This new month means we are inching closer to the end of 2021 and with that comes a desire to close chapters and tie loose ends. But we will continue to make it a priority to read and learn about the inspired work of the BIPOC community.

There is an immense amount of content out in the world that is shouting to get out into the hands of more people so we can learn about their stories. We are sharing just a few in this month’s post.

Reading

This memoir dives deep into the experience of being both Black and Indigenous in America. Shonda Buchanan shares her identity and inheritance in this narration. Buchanan was raised as a Black woman but was told of her multiracial heritage throughout her life. 

She calls this book an “attempt to expand, reclaim, and celebrate narratives of the African American experiences as well as the American Indian experiences” that inform her sense of self.

The Midwest Book review calls this book “An inherently fascinating, deftly written, thoughtful and thought-provoking memoir of an extraordinary woman and her extraordinary family.”

Get your copy here.

Watching

We are inspired by this beautiful heart-wrenching film written and directed by Chloé Zhao. Songs My Brothers Taught Me showcases the harsh realities Native families face on the reservation. It follows the lives and relationship of two siblings living on Pine Ridge in South Dakota and it captures the emotions and the pains of their journey.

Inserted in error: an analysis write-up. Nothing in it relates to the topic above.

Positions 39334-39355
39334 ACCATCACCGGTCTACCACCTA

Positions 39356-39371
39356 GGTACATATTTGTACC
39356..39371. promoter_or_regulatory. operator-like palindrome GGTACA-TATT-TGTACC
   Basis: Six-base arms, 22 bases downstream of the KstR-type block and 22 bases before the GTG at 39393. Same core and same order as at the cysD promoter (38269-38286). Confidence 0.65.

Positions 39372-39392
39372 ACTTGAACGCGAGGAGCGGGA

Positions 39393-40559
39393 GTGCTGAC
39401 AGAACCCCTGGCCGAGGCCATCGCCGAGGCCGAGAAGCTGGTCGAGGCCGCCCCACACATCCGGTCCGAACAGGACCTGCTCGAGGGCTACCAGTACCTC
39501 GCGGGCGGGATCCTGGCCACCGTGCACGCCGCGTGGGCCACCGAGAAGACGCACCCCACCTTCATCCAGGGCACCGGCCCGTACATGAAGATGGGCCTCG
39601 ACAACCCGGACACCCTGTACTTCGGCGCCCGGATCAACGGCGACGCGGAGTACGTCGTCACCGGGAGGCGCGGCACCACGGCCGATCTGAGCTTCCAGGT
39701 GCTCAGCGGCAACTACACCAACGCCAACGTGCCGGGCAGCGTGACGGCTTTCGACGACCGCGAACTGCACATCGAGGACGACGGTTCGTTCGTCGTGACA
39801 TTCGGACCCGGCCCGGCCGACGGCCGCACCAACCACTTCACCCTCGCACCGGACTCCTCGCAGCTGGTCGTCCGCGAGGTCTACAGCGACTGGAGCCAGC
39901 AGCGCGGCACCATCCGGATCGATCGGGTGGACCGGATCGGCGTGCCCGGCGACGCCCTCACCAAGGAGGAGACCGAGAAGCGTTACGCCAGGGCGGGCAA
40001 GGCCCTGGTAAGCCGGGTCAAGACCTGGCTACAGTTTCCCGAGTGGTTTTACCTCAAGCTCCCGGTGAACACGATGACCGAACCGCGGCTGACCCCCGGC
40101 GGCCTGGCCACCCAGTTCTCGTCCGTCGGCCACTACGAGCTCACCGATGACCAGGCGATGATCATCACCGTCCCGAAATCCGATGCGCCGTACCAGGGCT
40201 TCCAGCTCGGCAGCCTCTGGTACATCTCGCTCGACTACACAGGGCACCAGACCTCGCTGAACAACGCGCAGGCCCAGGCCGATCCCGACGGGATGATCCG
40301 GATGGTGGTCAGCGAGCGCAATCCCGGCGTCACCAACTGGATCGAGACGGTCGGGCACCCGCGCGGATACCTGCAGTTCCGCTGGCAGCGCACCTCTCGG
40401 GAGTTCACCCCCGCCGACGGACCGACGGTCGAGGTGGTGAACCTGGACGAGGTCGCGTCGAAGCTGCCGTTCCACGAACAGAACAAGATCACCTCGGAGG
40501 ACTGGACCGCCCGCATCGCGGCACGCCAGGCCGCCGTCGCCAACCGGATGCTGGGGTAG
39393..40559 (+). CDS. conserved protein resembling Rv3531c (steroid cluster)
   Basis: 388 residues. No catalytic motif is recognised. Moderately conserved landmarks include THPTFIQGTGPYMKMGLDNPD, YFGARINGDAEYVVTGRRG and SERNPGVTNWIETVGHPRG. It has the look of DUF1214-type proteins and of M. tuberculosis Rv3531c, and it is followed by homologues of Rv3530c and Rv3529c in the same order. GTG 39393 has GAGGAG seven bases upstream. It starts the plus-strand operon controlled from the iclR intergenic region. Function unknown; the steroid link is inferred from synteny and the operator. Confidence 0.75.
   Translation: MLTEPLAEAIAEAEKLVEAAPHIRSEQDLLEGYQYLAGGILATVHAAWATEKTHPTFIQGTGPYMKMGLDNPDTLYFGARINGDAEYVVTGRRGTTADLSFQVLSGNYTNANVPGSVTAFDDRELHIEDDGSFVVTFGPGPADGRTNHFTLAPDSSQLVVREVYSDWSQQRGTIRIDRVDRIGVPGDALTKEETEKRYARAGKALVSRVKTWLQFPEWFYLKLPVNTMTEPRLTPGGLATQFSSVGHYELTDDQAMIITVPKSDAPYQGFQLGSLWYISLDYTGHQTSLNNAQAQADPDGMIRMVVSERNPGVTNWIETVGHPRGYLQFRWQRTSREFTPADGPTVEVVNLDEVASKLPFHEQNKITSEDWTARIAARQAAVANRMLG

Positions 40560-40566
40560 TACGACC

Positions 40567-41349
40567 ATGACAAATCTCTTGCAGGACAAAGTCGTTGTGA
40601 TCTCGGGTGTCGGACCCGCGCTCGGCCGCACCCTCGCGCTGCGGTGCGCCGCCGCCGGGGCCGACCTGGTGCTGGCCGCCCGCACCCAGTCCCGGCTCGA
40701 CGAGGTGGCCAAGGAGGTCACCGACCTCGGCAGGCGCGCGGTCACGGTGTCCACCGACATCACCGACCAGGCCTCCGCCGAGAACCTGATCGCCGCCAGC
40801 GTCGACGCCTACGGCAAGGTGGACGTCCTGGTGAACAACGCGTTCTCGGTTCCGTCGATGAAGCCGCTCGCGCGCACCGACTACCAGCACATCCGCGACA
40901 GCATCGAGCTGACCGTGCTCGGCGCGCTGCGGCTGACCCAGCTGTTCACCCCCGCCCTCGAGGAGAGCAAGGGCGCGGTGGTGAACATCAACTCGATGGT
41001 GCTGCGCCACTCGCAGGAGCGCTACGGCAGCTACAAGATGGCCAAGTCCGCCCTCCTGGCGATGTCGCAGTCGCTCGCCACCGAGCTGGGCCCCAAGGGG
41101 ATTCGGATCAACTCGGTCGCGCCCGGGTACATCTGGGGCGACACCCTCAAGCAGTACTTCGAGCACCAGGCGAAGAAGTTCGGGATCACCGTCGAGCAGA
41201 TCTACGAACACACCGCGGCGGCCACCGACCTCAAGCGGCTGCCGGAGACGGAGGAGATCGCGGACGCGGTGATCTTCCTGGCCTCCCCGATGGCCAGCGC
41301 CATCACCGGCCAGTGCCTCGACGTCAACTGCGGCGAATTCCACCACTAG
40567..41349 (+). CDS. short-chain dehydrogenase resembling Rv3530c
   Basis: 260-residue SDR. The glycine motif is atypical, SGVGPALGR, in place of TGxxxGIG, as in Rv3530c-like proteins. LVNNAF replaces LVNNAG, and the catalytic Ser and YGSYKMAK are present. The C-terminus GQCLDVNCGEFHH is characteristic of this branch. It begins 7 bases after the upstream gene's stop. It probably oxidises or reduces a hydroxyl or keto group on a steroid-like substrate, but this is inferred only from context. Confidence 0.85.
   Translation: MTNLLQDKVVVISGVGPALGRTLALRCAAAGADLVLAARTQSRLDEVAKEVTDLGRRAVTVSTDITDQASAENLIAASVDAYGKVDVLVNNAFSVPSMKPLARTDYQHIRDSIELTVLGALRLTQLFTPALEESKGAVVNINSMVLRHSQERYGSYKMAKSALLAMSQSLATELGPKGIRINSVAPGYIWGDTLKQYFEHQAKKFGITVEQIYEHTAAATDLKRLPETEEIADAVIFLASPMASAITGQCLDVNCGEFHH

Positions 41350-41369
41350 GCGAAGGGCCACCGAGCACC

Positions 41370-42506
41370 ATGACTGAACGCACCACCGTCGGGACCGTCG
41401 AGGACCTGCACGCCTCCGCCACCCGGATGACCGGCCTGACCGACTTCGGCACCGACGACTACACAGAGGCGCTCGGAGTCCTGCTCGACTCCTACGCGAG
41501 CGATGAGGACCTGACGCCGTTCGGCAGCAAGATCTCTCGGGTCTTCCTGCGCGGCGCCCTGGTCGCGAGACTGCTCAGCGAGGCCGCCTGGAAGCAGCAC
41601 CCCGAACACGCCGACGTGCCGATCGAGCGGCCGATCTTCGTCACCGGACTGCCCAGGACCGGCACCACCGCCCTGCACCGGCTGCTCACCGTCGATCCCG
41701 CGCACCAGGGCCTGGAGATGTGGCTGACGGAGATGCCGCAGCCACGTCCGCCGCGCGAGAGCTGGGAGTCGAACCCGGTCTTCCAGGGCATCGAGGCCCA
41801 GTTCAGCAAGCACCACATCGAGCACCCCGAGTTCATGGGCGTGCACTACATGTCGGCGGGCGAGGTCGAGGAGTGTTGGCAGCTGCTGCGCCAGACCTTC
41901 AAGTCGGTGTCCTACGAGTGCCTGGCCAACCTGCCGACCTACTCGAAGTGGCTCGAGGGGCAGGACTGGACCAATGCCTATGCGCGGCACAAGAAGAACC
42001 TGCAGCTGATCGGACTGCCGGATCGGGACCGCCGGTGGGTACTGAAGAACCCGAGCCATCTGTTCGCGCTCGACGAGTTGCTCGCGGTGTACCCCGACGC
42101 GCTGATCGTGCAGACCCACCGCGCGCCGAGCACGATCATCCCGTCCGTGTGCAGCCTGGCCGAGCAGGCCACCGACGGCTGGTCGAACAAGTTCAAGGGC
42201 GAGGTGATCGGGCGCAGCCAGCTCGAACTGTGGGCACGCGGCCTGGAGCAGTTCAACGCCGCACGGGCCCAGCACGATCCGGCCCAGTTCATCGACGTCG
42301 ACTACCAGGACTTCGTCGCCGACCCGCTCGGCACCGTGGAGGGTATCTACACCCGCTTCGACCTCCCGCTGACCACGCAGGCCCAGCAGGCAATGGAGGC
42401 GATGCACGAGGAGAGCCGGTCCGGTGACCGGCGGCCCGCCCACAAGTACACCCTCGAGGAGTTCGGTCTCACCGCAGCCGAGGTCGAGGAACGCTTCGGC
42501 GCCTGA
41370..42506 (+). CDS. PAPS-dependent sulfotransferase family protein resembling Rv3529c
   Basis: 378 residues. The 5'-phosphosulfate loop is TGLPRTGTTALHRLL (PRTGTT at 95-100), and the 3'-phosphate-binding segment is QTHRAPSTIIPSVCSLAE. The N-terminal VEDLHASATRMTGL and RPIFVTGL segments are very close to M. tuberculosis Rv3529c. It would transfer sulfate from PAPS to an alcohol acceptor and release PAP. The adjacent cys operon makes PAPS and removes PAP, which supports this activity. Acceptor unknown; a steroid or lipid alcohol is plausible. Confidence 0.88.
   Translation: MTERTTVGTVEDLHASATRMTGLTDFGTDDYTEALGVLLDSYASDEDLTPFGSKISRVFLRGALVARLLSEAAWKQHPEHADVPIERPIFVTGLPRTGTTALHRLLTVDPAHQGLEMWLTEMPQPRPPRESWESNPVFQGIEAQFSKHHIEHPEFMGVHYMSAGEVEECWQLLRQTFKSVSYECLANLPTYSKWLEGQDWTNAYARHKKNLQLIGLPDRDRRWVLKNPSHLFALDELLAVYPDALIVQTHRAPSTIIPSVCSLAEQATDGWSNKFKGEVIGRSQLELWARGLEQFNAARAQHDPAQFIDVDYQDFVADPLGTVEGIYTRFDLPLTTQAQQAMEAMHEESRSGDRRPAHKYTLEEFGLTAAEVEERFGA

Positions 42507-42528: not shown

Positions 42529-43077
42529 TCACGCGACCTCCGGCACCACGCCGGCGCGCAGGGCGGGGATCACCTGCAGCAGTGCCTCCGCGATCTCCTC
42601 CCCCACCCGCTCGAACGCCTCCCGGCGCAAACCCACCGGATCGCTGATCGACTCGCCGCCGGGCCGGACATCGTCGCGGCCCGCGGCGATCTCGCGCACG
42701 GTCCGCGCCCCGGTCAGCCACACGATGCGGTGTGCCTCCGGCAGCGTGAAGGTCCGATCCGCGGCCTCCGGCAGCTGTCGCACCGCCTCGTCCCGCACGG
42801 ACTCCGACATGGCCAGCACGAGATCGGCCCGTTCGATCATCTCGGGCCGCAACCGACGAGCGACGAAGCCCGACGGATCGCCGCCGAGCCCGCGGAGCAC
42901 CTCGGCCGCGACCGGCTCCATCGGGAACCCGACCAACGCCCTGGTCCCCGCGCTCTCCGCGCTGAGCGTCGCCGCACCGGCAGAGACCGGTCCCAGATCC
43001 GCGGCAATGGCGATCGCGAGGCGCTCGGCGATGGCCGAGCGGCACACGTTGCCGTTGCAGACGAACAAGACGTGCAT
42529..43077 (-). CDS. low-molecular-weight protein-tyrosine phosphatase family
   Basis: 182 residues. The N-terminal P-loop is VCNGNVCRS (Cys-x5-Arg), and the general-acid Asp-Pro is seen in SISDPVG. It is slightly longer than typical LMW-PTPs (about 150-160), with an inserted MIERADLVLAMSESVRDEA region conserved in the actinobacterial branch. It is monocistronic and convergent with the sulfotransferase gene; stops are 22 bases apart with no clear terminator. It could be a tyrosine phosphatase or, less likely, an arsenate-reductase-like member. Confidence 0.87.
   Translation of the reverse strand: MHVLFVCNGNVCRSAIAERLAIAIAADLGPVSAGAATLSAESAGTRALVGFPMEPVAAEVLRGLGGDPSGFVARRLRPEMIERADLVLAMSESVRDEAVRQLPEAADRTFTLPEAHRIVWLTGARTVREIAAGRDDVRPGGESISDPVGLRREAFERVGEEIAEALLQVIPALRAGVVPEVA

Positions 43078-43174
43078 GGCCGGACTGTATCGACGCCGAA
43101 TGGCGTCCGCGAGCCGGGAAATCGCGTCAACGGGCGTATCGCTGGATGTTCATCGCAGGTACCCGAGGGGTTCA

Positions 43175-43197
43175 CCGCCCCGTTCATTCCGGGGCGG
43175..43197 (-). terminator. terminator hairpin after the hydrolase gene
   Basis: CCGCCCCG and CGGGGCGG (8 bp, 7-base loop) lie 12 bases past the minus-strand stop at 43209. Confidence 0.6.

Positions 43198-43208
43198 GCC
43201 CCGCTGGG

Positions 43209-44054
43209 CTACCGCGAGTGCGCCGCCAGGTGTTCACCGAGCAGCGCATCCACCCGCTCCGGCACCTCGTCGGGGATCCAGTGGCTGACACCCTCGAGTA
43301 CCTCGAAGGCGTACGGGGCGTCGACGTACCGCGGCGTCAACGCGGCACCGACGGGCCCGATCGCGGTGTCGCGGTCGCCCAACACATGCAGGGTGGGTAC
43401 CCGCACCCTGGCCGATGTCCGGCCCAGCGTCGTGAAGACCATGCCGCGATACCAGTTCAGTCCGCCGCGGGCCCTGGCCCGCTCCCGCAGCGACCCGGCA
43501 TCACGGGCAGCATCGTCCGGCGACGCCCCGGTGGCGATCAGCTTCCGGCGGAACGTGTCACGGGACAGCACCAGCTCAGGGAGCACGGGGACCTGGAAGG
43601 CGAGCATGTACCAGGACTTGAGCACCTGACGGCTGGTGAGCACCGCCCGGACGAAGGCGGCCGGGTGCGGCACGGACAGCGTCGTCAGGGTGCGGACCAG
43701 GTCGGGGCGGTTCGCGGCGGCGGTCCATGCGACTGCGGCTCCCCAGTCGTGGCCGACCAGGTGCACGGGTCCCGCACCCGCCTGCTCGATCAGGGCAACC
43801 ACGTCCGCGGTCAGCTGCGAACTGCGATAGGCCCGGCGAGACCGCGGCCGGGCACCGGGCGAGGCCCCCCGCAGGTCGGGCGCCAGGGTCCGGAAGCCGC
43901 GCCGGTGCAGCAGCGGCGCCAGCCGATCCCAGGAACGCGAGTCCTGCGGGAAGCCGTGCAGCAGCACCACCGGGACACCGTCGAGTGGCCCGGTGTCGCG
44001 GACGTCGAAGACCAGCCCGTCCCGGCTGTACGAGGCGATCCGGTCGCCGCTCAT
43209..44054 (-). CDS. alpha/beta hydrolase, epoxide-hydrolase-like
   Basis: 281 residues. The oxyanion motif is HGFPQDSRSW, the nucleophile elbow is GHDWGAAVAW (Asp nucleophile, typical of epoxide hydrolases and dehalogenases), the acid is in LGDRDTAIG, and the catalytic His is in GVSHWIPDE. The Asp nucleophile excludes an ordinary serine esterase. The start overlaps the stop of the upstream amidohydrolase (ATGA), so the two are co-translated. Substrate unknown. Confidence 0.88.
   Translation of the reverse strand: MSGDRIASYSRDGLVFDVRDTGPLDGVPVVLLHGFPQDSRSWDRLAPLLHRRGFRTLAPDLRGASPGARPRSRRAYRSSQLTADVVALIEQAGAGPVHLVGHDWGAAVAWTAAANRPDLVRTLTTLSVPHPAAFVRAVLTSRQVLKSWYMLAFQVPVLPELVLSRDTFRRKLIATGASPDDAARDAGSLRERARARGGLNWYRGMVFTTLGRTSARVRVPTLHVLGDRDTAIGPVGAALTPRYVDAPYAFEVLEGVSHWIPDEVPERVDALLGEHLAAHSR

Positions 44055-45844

Watch the trailer here.

Listening

We recently stumbled across Coffee with my Ma and even though there are only a few episodes available, it’s a great listen. 

Kahn-Tineta Horn, mother of actress Kaniehtiio Horn from the Mohawk territory tells stories from her past as a model in the 1960’s and a fierce Mohawk advocate. The stories showcase love and resilience with a good mix of humor.  

The podcast brings you to a place where you feel like you’re sitting at the kitchen table listening to these unbelievable stories of love and resilience, with a good mixture of humor. Listen here.

Learning 

We really appreciate the Native Roots Greener Futures course because it dives deeper into topics that allow us to make a positive change in our lives. It takes a new approach to exploring indigenous knowledge systems, and approaches the benefits of wild plants for health and medicinal purposes, while also looking at the negative effects of climate change on wild plants and Indigenous Peoples who rely on them. Extremely interesting and applicable to life today.

The course objectives are to: 

  • Learn Indigenous sciences to address climate change
  • Contrast Indigenous ways of knowing and western knowledge systems
  • Define CO2 and its effects on plants
  • Explore how the colors of plants, fruits, and vegetables provide medicine and nutrition
  • Learn how to become an activist scholar and change the world!
  • Apply mindfulness for self-care and successful studies

You can find out more and register online here